Investigation into the role of phosphatidyl-inositol-4-phosphate patches and Efr3 in insulin-dependent dispersal of GLUT4 clusters in the plasma membrane of adipocytes
Insulin triggers the movement and dispersal of GLUT4 transporter molecules across the surface of cells, where they help move glucose inside. Professor Bryant’s student will investigate the molecular mechanisms involved in this process to improve our understanding and help identify new targets for Type 2 diabetes treatments.
Background to research
In people without diabetes, blood glucose levels are maintained within a constant range by the action of insulin on fat and muscle tissue after a meal. Insulin works to increase the uptake of glucose by triggering the movement of glucose transporters from storage sites within fat and muscle cells to the cell surface, enabling them to transport glucose inside. This process malfunctions in people with insulin resistance – a key characteristic of Type 2 diabetes. Scientists have recently discovered that insulin not only brings glucose transporters to the cell surface, it also causes them to spread out evenly across the cell surface once there. However, the exact molecular mechanisms involved are not fully understood. Detailed knowledge of this process, and of the other actions of insulin, is vital for the design of new therapies to combat Type 2 diabetes.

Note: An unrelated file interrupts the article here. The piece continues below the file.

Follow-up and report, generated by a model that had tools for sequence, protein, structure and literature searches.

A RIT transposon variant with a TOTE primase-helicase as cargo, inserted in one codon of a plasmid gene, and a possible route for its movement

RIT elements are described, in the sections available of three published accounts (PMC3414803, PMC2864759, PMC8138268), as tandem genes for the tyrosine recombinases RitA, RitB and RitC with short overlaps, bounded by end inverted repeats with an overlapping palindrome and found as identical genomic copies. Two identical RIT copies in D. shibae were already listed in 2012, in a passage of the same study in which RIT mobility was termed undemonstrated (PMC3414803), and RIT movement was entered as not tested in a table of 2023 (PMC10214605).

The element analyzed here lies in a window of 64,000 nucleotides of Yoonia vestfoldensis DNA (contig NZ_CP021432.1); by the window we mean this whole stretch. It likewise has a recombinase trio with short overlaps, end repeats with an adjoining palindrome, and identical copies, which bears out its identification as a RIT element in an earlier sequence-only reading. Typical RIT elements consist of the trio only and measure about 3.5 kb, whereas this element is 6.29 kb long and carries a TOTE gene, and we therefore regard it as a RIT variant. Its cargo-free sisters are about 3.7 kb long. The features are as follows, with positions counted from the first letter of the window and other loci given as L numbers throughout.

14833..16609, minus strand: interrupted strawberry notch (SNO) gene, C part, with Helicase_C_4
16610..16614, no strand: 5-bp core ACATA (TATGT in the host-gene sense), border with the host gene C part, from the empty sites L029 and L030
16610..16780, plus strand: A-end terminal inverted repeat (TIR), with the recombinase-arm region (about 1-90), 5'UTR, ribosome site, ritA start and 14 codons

Professor Nia Bryant will build on previous studies performed in her lab to investigate the mechanisms by which insulin brings about the even distribution of glucose transporter molecules across the surface of cells. Her student will use state-of-the-art techniques to find out how patches enriched with a key molecule on the surface of fat cells are controlled by insulin and contribute to the movement and function of glucose transporters. They will also manipulate molecules thought to play a role in this process and observe the effects.
Potential benefit to people with diabetes
This will be the first study to identify the molecular mechanisms involved in the distribution of glucose transporters on the surface of cells in response to insulin. A better understanding of these mechanisms could aid the design of new therapies to benefit people with Type 2 diabetes.